So it's no wonder that at 16, 17, 18, when
they have begin having sex, young men might resist using them, increasing their
risk of contracting a sexually transmitted disease, or passing one to a partner,
not to mention conceiving a baby. And they likely carry those anti-condom
attitudes with them as they age.
But new research by Herbenick and others
suggests that, in real life, fears of an erotic pleasure deficit are misplaced.
Using data gathered in 2009 for the
National Survey of Sexual Health and Behavior -- a large, representative
sampling of the United States conducted by a team of researchers that included
Herbenick -- she and her colleagues teased out information from 1,645 men and
women ages 18 to 59 whose most recent sexual event included intercourse.
Of those, nearly 28 percent of men and
about 22 percent of women said they'd used condoms. That's higher than 2008
statistics from the Centers for Disease Control and Prevention, which showed
about 10 percent of women used condoms as opposed to other birth-control methods
or no contraception at all.
But the fascinating finding was that the
reports of sexual arousal, ease of erection, overall pleasure and orgasm weren't
much different in those folks than in people who went bareback.
In other words, people liked sex just fine
with or without condoms.
The study, published in the latest issue
of the Journal of Sexual Medicine, was, like the larger national survey itself,
funded by Church & Dwight Co. Inc., the company that makes Trojan brand
But Herbenick insisted that "the data is
the data" and that the company did not influence the research in any way. "We
are free to publish anything we want," she said.
The study did find some slight differences
in style, if not substance.
For example, men who didn't use condoms or
lubricant had significantly higher arousal ratings than men who used condoms
without lubricant, Herbenick said.
But the group that used no condom and no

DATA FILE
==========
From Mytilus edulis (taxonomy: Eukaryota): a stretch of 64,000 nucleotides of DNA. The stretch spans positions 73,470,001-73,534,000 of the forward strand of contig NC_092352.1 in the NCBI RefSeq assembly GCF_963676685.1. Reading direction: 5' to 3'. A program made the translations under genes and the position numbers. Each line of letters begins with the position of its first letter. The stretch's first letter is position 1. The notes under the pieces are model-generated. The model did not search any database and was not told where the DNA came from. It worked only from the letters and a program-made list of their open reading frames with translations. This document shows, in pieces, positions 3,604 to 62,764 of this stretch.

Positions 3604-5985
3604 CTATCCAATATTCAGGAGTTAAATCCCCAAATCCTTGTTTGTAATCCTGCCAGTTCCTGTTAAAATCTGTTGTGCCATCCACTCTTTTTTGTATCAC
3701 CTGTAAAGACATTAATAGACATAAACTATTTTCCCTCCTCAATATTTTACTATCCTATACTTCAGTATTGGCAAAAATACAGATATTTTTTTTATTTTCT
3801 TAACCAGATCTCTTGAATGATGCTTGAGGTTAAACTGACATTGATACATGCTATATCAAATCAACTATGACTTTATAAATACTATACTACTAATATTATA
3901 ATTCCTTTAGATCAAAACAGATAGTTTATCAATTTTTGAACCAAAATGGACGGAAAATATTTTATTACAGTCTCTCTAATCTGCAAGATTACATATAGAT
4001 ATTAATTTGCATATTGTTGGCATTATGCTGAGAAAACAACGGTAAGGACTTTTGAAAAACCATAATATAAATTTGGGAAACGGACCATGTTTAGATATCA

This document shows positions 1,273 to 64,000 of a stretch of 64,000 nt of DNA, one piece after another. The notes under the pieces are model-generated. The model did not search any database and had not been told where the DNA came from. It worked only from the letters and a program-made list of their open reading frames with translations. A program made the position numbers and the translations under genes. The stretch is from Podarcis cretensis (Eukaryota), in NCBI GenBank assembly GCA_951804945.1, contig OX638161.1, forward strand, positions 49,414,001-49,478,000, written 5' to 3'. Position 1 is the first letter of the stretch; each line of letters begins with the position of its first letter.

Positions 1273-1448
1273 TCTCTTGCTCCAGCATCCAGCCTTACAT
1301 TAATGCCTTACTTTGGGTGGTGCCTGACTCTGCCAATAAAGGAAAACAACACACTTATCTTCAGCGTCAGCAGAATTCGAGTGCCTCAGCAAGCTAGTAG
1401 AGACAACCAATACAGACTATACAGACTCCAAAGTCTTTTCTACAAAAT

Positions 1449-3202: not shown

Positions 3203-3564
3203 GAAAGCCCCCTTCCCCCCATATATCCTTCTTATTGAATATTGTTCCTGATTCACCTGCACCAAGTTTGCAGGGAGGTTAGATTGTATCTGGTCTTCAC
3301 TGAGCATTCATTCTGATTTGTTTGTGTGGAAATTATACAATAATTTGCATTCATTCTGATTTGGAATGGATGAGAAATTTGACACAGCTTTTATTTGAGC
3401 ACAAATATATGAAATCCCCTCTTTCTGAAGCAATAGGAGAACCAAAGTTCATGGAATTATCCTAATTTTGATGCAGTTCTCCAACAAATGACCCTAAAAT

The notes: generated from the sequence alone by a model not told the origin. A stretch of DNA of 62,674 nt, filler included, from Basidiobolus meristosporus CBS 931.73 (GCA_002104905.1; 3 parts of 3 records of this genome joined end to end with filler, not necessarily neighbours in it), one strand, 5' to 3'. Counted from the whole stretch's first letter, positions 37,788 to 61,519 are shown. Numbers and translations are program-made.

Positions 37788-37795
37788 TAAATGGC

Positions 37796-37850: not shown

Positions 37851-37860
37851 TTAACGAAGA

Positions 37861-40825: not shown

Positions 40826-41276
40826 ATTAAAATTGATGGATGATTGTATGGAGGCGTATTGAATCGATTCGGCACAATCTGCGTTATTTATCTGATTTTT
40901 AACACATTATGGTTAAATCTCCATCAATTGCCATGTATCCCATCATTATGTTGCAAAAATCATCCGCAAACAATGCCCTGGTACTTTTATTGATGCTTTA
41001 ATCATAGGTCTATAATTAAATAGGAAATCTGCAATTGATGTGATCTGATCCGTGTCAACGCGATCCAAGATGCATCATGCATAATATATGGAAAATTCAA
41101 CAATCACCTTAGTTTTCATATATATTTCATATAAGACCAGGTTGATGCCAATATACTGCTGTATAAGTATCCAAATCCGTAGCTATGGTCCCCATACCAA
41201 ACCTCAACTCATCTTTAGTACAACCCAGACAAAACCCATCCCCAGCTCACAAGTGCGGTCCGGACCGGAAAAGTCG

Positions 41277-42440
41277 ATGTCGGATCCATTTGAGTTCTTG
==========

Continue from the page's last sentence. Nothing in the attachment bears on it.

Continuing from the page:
lubricant had about the same arousal level as men who used a condom with a
lubricant and men who used a lubricant without a condom. Got that?
The confusion illustrates a need for
better communication about sexual preferences, in part to make safe sex more
"People aren't really having any
conversations about types of products related to sexual experiences and that's a
shame," she said.
For instance, she said -- and the data
showed -- that most people who use a lubricant apply it to the outside of the
condom. But adding a small amount at the inside tip can enhance the experience
for the man. More enjoyment, she suggested, could mean that men will be happier
to use them, increasing safety.
Herbenick conceded that the population
most likely to use condoms -- the young and the single, for instance -- may also
be most likely to think any sex is good sex, condom or not. However, she said
she didn't think it confounded her findings that sex is just as good with a
condom as without.
"Yes, for many young people, they're just
excited to have it, but it feels good for most people most of the time," she
said. "We see that in measurement studies of good sex feeling that are
controlled for age. Sex feels pretty good, or we wouldn't keep on having
Brian Alexander (www.BrianRAlexander.com) is co-author, with Larry Young Ph.D., of "The Chemistry
Between Us: Love, Sex and the Science of Attraction," (www.TheChemistryBetweenUs.com), now on sale.
By Brian Alexander, NBC News Contributor